It looks like Nebraska Senator Chuck Hagel might toss his hat in the GOP ring. The decorated combat veteran would be the only anti-Iraquagmire/anti-Bush candidate in the GOP prez wannabe roster. That would really twist the Right into knots. (The Politico):

A bid by the Nebraska Republican would further jolt an unsettled Republican presidential field and a GOP already under siege in the wake of President Bush’s unpopular troop surge plan and a steady drumbeat of other bad news for the administration.

Some analysts say Hagel, who will announce his intentions in Omaha, faces an impossible task in courting the party’s conservative base considering his own vociferous opposition to the war in Iraq. Given that, they say, his best course may be to run as an independent.

It’s unlikely that he’d get the party’s nod, but in reality, a top-of-the-ticket Hagel could siphon off those centrist votes that Hillary Clinton prizes. However, he’s not a moderate Republican:

  *  Voted YES on recommending Constitutional ban on flag desecration. (Jun 2006)
  * Voted NO on adding sexual orientation to definition of hate crimes. (Jun 2002)
  * Voted YES on loosening restrictions on cell phone wiretapping. (Oct 2001)
  * Voted NO on expanding hate crimes to include sexual orientation. (Jun 2000)
  * Voted NO on setting aside 10% of highway funds for minorities & women. (Mar 1998)
  * Voted YES on ending special funding for minority & women-owned business. (Oct 1997)
  * Supports anti-flag desecration amendment. (Mar 2001)
  * Rated 60% by the ACLU, indicating a mixed civil rights voting record. (Dec 2002)

He also directly answered the marriage equality question in GQ:

No. Personally, I think marriage is between a man and a woman, but that’s because I see it as a religious union. As a legal contract, marriage should be up to the states. If a state wants to change the rules, that’s up to them.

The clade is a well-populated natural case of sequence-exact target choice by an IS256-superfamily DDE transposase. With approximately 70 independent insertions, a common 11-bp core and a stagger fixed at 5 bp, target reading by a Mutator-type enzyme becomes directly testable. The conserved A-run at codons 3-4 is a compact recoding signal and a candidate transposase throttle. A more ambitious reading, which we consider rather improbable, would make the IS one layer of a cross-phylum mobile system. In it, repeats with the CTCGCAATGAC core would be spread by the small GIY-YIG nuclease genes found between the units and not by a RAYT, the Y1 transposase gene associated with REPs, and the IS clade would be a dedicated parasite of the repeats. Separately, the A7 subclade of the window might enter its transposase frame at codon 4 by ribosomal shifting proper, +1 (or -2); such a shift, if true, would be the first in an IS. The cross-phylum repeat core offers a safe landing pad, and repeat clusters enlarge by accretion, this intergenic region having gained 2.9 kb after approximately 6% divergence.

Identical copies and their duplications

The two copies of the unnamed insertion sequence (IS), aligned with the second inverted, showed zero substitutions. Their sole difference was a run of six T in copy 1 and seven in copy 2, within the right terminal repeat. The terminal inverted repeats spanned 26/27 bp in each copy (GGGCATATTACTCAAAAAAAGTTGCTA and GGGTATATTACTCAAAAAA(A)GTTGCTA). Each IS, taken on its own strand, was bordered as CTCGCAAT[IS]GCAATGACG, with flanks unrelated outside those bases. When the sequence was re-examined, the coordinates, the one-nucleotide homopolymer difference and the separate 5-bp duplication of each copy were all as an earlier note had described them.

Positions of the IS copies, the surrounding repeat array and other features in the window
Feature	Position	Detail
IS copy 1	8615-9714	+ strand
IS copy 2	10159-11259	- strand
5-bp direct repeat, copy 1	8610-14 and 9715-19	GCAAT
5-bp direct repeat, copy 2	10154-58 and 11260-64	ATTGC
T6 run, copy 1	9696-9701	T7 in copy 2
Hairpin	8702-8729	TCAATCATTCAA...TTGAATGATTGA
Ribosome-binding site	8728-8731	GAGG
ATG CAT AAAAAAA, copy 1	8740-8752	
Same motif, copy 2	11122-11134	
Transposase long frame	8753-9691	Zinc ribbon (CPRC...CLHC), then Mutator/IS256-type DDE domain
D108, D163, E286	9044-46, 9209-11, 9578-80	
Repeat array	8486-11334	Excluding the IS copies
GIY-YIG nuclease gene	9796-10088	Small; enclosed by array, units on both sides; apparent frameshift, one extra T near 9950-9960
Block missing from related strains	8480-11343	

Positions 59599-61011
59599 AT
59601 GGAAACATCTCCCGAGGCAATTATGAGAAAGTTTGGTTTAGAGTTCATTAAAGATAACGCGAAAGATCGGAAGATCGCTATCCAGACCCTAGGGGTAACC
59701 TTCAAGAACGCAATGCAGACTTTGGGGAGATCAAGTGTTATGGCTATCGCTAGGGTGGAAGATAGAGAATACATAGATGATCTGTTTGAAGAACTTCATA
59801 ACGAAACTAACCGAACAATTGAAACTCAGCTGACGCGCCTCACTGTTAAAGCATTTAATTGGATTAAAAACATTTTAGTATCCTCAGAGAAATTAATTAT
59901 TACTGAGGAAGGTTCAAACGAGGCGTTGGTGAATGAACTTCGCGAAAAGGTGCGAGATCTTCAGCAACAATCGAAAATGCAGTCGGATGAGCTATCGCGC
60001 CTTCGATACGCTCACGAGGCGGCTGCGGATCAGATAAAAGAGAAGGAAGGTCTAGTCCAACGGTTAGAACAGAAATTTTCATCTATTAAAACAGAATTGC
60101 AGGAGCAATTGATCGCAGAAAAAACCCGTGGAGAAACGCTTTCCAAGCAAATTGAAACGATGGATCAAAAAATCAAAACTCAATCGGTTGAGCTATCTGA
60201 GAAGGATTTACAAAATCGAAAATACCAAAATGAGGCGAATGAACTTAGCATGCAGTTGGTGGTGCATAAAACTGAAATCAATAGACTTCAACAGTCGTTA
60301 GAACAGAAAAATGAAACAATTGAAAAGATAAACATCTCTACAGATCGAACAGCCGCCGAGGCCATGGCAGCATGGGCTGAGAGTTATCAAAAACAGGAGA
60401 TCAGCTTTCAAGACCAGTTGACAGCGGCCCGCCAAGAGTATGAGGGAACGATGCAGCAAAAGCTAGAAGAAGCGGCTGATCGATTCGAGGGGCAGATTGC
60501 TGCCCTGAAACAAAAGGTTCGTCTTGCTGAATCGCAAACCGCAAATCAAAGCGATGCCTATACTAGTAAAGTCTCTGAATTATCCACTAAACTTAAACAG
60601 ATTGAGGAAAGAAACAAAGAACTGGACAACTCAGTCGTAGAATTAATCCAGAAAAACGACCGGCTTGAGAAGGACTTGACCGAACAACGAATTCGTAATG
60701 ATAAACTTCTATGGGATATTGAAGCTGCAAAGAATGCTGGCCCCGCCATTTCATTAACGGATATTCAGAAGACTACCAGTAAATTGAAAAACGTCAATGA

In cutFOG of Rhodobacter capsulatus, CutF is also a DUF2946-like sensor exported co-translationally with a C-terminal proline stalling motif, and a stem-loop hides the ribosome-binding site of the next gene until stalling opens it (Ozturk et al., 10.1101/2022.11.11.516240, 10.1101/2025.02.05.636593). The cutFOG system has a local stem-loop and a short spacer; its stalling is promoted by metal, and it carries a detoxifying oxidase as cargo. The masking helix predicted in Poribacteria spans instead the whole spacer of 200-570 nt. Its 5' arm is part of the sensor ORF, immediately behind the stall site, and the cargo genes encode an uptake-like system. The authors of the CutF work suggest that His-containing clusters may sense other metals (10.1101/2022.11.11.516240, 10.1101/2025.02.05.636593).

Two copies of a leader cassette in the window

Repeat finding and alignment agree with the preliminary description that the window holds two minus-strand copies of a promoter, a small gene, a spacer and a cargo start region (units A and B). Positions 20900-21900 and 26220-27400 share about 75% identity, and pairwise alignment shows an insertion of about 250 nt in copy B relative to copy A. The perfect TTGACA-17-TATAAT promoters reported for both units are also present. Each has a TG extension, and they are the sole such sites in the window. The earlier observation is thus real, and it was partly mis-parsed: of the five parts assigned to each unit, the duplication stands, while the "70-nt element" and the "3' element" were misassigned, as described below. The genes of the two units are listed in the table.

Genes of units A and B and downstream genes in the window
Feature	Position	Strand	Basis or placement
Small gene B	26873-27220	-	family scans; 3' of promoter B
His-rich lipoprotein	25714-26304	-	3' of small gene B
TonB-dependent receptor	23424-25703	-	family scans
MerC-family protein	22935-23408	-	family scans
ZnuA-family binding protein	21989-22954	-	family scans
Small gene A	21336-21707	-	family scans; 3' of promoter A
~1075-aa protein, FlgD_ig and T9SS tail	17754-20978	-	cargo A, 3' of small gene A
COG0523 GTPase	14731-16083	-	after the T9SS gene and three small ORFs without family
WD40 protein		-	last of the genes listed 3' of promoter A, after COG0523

Fun fact: Hagel wants manure off list of hazardous substances.


“I think people are somewhat disillusioned. I think a lot of people are cynical out there. I think they’re looking for something different. … and I think that they’re going to be open to different things.”

Seeing the weak and pretty compromised GOP field out there (flip-flop Romney, too-liberal and too-divorced Giuliani, a tanking McCain, and a second tier of politically impotent fundies and anti-immigrant prospects), Law & Order actor and the former Senator from Tennessee Fred Thompson could have a shot.

More after the flip.(AP):

Thompson, who plays district attorney Arthur Branch on NBC’s drama “Law & Order,” said Sunday, “I’m giving some thought to it, going to leave the door open” and decide in the coming months. “It’s not really a reflection on the current field at all,” he said.

“I’m just going to wait and see what happens,” Thompson added. “I wanted to see how my colleagues who are on the campaign trail do now, what they say, what they emphasize, what they’re addressing, and how successful they are in doing that, and whether or not they can carry the ball in next November.”

The bottom line is that while the guy has star power, he’s a conservative that the CPAC crowd would like. Some of his positions:

* Forced birth advocate: believes the Roe v. Wade decision was “bad law and bad medical science.”

* Opposes gun control: Thompson agreed with last week’s federal appeals decision that overturned a long-standing handgun ban and said “The court basically said the Constitution means what it says, and I agree with that.”

* The Bush Iraq “surge” plan is AOK in his book:  “Wars are full of mistakes. You rectify things. I think we’re doing that now,” he said. “Why would we not take any chance, even though there’s certainly no guarantees, to not be run out of that place? I mean, we’ve got to take that opportunity and give it a chance to work.”

* He would pardon convicted felon and fall guy Scooter Libby: Thompson is a fundraisier for Libby’s defense, btw. He would like Bush to pardon him now versus waiting for all Libby’s appeals to be exhausted.

* On marriage equality, note that the man holds the same position as the top tier Dem candidates: he would let states decide on civil unions. “Marriage is between a man and a woman, and I don’t believe judges ought to come along and change that.”

Pam Spaulding

Pam Spaulding